Scared Auntie

Dear Jewish Fairy Godmother:
My niece, age fifteen, was just diagnosed with a late stage brain
tumor. Within the first month, before they figured out what to do as a
course of treatment, she went blind overnight. They fixed that with a
colossal course of steroids, but at least she can see again. Now there’s
a choice of radiation or two kinds of chemo. Her parents have told my
niece that she can decide which to do. I think it’s crazy to leave a life
and death decision in the hands of an adolescent. especially one whose
thinking might be impaired by her disease. But I don’t want to add to
the horrific anxiety that‘s already dominating the family. I may be old
fashioned but I think they should just do whatever the doctor
Scared Auntie

Dear Scared:
If the doctor thought one treatment plan was best, or even offered
better end of life quality, I’m sure s/he would have said so. By offering
the family choices, and choices probably accompanied by more
medical information and nuances than were conveyed to you, s/he’s
allowed some participation in a difficult and disempowering scenario.
The parents offer to their child mirrors that sense of at least a little
control over the horror, even if that turns out to be an illusion. So
assume, at least for the moment, that you don’t have all the facts. And                             that even if you did there is some merit in including the patient in the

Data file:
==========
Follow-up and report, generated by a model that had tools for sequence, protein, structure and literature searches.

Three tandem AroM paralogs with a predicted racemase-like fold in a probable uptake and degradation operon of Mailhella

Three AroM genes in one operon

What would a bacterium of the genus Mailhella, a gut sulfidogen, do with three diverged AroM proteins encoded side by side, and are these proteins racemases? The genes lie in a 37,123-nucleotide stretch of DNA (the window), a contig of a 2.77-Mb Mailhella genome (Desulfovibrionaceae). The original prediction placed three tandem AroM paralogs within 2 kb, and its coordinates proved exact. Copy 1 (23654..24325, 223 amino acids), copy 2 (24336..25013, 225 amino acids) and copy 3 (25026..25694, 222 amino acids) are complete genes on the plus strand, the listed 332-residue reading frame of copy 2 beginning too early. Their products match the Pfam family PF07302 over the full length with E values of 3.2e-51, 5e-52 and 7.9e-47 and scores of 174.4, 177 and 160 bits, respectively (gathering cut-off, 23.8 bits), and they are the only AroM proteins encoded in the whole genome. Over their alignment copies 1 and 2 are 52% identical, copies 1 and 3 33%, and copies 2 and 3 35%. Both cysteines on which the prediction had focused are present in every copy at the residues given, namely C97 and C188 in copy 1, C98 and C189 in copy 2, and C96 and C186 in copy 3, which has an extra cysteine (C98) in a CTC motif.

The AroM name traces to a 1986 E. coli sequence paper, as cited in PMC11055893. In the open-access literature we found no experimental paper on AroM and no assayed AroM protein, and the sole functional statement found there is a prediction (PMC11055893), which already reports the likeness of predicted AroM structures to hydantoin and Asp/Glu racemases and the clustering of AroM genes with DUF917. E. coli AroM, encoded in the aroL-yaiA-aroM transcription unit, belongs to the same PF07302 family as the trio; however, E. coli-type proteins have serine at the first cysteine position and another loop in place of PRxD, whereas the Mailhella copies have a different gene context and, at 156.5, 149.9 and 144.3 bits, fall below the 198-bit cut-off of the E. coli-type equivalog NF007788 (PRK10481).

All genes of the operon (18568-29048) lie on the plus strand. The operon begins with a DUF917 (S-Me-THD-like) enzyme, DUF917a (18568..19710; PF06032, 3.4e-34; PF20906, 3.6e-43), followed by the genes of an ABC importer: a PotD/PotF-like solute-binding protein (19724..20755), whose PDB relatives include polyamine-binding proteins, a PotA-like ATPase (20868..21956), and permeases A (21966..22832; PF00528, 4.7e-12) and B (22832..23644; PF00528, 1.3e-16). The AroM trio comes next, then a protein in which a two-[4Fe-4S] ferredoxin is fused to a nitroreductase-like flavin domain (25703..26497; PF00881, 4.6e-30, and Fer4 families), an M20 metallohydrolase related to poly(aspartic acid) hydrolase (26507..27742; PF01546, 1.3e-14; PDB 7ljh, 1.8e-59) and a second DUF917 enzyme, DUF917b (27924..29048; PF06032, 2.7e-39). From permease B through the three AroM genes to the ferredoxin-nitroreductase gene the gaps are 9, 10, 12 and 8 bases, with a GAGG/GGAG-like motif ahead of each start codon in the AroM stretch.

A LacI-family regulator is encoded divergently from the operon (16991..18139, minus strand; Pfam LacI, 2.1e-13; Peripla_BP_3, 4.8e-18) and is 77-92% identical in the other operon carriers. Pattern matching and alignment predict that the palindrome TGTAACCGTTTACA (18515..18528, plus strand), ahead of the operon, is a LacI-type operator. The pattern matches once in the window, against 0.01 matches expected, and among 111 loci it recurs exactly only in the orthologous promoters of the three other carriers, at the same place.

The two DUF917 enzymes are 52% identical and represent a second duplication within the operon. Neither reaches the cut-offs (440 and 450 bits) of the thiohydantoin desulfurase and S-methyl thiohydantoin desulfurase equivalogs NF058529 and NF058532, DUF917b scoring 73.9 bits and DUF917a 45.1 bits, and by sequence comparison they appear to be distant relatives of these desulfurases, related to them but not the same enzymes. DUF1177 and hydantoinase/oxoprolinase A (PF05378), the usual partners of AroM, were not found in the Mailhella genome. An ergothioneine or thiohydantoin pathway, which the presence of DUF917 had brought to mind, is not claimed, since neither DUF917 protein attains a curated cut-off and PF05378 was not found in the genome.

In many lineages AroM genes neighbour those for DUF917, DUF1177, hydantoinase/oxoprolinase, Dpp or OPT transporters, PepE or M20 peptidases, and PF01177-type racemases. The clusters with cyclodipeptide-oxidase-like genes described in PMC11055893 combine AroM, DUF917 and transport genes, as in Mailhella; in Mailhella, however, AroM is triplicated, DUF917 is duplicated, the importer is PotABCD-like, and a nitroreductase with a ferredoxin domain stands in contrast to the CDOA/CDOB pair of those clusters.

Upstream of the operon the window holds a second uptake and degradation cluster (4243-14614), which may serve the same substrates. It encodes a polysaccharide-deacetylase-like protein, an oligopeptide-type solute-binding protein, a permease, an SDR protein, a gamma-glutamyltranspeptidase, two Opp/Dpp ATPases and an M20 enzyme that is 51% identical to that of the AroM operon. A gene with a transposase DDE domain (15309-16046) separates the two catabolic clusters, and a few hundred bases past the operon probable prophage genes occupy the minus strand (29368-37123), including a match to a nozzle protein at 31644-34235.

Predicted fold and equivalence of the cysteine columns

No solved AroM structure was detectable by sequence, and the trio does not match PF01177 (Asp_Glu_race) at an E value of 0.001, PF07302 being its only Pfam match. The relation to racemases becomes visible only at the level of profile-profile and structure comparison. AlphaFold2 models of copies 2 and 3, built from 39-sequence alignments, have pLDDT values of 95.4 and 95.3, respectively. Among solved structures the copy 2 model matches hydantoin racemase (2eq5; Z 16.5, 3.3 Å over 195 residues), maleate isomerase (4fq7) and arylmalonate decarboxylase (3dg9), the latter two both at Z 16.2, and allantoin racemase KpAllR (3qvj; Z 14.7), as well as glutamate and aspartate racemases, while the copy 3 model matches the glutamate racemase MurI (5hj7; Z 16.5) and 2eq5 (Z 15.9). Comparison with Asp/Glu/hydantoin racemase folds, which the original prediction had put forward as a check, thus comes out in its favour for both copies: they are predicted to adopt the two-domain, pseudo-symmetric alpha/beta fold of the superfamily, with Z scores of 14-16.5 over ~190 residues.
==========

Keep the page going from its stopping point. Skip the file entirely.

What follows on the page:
“Late stage” often implies that survival is unlikely. I think everyone
should have the right to choose, or at least impact, the degree of
suffering they are able to endure. What you might see as a reasonable
trade-off might seem unbearable for someone else. And while humans
are amazing in their ability to adapt and cope, if death is really the
inevitable outcome, I say your niece gets a big vote. But I’d agree she
should not get the only one. If her parents and the doctor agree on
one course of treatment, they should try to convince her it’s worth a
try first, and reserve a different choice for round two. Your job,
regardless of the choice, should be to support whatever they decide to
do, and be loving and gracious regardless of how the process plays
out, short run or long. My empathy to you all.